After being nigh-on inseparable since childhood, Klara Söderberg’s relocation away from her older sister Johanna to be closer to her partner in Manchester brought many challenges. When that relationship ended painfully, it served to further heighten an incredibly tough few years for the sisters from Enskede, Sweden. Upon announcing this album, the Söderbergs stated that they “Had poured their hearts and souls into this”, and that was no mere hyperbole. Ruins is an album written in the eye of the storm, a tearing off of an emotional plaster covering a wound not yet recovered. It is layered with the sound of regret, longing and loneliness and that emotional honesty feeds into what is by far their finest and most complete album yet.
On their previous three albums, there was a sense that First Aid Kit glided over the land like one of Tolkien’s elves, leaving no footprints behind. As Ruins begins with ‘Rebel Heart’, Klara singing “Nothing matters, all is futile”, there is a sense of them crashing to earth. There is a haunting aspect to many of her lyrics here, with all of the turmoil that the end of a relationship brings laid bare. It is not all doom and despair however, and it also feels like an album performed by a survivor – though perhaps one who is not yet aware that she will survive. The journey from loss and despair to anger and resolution are beautifully told, and when the bitterness of ‘Hem Of Her Dress’ arrives (“You say you’ve found yourself, oh in someone else… I’m a photograph that you forgot you took”), it has added power because of the journey before.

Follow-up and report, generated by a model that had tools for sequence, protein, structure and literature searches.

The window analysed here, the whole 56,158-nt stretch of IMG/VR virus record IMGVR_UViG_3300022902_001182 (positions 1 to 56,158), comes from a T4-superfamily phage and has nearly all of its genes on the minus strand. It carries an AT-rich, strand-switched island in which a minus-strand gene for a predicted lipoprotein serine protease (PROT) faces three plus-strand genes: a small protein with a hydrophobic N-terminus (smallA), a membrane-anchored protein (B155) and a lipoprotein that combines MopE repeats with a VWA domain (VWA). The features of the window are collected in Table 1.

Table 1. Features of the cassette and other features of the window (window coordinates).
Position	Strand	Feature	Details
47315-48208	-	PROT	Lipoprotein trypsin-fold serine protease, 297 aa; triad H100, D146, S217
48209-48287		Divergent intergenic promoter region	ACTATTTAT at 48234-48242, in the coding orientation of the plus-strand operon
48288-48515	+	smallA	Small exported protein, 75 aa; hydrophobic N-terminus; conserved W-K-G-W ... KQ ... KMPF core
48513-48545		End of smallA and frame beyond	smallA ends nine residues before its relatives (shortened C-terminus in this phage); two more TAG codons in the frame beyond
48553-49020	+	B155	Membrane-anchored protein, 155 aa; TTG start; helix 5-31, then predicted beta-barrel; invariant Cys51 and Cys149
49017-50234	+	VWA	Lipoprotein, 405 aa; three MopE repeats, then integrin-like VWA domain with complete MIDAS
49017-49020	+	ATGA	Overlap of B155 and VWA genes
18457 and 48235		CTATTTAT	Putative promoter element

The album’s highpoint comes early, with the stunning single ‘Fireworks’. It would take a granite heart to listen to this achingly beautiful song without it cracking just a little in sympathy. Both this and the delicate fragility of ‘To Live A Life’ feel almost like intrusions into private and personal despair, yet are destined to give hope to others in the same situation. Ruins appears to be very much Klara’s album lyrically and thematically, with Johanna stating in interviews that she used a much lighter hand than previously when suggesting tweaks or improvements. However, her touch resonates gently throughout the whole album – as the sound of her autoharp lifting ‘My Wild Sweet Love’ to new heights shows. Together, the sisters’ harmonies are as perfectly entwined as ever, their voices wrapping around each other’s as can only happen with people who have sung together their entire lives.
Musically, you can hear a clear maturing of their sound. Moving away from regular producer Mike Mogis of Bright Eyes fame, Ruins has instead been produced by Tucker Martine. The results are more grounded, more earthy (and less ethereal) and infinitely richer in sound. The effects when the backdrop of sound falls away at the finale of ‘Distant Star’ or as it builds in the rousing second half of ‘Nothing Has To Be True’ are sensational. There are moments of light dropped in to illuminate the darkness at vital moments, with the jaunty Gram Parsons country rhythm of early single ‘Postcard’ being a perfect example.
Ruins is a stunning album, and will become something held close to many hearts or turned to in times of need. Through all of the pain and hurt, First Aid Kit have crafted something that has elevated them far, far above anything they have done before. Fourth time around, the flashes of promise and beauty of their previous output has solidified into their best work yet. Out of the ruins, a new future rises for this most talented duo.